The punky and punchy Gadigal Land tells the story of the indigenous people that traditionally inhabited the lands in and around what is now Sydney and relates how those people witnessed first hand the first landings of the convict cargoes and the subsequent spread of the westerners’ culture-eroding “gifts.”

Change the Date is a quieter song with piano and acoustic guitar backing that highlights the Aboriginal distrust of the annual Australia Day celebrations, an event that, to them marks the beginning of what is considered the deliberate destruction of their existence.  It’s sobering to realise that the first colonists believed that they were entering an uninhabited land, despite the visible existence of an established civilization.  Change the Date is also the first of several songs in which the lyrics are partly presented in (one of the many) Aboriginal languages – a tactic that heightens the inclusiveness of this project. 

Alice Skye provides the vocal on Terror Australia, a quiet piano ballad with yet more thoughtful and thought-provoking lyrics, including the observation that “Captain Cook now spawns Captain Coke, and beer flows over rum.”  Desert Man, Desert Woman is an acoustic folky tribute to the outback natives sung by Frank Yamma, a member of the Central Australian Pitjantjatjara tribe and a pioneer of the style that delivers western-type songs in traditional languages and Wind in my Head eulogises the importance of the natural and the sacred to the native people and bemoans the lack of public recognition of that importance.  The closing line, “Respect the old peoples’ guardianship of paradise” just about sums it up.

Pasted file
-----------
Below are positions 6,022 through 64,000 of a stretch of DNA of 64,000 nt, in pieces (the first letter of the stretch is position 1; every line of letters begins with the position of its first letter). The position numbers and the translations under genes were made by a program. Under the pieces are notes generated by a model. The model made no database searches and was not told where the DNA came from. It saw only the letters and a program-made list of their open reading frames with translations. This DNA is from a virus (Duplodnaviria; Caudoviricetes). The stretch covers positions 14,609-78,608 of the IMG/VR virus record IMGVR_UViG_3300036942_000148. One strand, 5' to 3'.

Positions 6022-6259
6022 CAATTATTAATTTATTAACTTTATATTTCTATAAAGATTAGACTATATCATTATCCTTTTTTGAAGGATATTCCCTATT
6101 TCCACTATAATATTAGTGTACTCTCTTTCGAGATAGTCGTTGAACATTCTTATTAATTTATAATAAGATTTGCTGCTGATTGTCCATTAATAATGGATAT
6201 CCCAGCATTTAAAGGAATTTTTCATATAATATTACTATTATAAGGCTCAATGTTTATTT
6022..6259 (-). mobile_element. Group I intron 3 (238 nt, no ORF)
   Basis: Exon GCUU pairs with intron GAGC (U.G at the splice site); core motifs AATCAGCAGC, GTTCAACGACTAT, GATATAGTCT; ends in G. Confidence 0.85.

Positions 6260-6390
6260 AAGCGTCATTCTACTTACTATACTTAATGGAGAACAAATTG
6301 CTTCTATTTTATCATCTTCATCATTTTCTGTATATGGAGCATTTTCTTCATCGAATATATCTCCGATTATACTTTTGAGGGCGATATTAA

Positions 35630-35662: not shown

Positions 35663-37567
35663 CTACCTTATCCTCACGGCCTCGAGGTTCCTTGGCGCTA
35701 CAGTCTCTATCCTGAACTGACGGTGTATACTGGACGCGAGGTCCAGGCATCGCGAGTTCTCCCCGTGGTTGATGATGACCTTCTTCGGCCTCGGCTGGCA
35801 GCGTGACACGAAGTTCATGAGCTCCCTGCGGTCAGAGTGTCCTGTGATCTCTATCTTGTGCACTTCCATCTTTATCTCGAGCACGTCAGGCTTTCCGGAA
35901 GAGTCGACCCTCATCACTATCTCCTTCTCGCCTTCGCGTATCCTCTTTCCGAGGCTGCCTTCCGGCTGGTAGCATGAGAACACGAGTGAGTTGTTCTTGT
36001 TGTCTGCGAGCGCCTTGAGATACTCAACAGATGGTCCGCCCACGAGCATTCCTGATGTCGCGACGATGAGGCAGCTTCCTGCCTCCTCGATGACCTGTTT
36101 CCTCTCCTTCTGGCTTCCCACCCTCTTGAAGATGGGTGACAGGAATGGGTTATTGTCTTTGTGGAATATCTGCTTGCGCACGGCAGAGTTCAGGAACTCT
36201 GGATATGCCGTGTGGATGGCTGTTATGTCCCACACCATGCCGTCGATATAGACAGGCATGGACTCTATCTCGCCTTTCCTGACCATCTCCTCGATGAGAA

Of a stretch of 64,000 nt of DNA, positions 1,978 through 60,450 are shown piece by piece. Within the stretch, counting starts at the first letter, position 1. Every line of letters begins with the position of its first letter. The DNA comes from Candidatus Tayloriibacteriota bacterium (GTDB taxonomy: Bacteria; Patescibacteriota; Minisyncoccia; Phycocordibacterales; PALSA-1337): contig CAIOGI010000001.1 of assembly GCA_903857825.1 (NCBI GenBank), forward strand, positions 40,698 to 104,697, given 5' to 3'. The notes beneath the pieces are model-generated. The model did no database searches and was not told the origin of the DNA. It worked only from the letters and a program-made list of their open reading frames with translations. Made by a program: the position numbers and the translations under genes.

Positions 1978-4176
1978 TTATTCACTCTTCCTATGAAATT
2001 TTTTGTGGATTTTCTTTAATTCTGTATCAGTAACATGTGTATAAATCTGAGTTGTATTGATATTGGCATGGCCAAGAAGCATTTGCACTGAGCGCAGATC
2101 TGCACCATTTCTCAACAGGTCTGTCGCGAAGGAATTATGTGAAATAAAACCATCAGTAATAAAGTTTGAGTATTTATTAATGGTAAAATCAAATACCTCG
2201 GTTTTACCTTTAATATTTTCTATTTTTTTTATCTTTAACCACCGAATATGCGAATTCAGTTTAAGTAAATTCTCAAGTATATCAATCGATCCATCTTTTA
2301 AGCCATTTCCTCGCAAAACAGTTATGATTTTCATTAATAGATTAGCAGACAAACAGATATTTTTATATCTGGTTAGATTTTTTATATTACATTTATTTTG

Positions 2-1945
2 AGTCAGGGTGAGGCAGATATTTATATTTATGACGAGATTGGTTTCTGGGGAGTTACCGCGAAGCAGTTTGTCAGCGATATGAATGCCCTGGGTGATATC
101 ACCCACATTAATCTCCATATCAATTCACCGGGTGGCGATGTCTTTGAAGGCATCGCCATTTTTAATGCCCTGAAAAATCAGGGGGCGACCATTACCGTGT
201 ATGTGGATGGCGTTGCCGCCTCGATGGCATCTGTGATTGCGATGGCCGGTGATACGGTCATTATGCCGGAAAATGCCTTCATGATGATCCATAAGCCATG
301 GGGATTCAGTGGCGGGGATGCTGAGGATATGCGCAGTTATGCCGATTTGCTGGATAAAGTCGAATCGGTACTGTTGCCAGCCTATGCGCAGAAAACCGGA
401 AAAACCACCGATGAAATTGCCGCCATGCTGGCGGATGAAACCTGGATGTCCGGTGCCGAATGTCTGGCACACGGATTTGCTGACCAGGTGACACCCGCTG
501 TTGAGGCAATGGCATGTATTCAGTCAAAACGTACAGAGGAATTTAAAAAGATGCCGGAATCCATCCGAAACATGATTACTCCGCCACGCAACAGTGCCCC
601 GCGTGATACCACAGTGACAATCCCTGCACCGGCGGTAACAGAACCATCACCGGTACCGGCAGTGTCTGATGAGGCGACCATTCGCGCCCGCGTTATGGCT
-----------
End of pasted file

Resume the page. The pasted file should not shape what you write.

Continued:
As suggested at the start of this review, the album’s focal point is the spoken word rendition of the Uluru Statement From The Heart.  With sections read in turn by Pat Anderson, Stan Grant, Ursula Yovitch and Troy Cassar-Daley, it’s an eloquent summary of how the fallout of colonization has severed many of the indigenous peoples’ ancient ties to their land and culture; it makes the observation that the Australian Aboriginals are “the most incarcerated people on the planet” and “are not innately criminal people.”  It was phrases such as these that stirred my interest in this vital project.

The album closes with a return to the rockier side of Midnight Oil as, with Come on Down, they encourage a getting together that will start the process of giving the indigenous people the rights they seek and deserve.

The Makarrata Project is a tremendous, worthy and well-produced piece of work that deserves to be heard.  With the right publicity, this album could become an important component in raising awareness to the causes of a deprived people who have so much to offer the world.

Watch the official video for First Nation from the new Midnight Oil album below.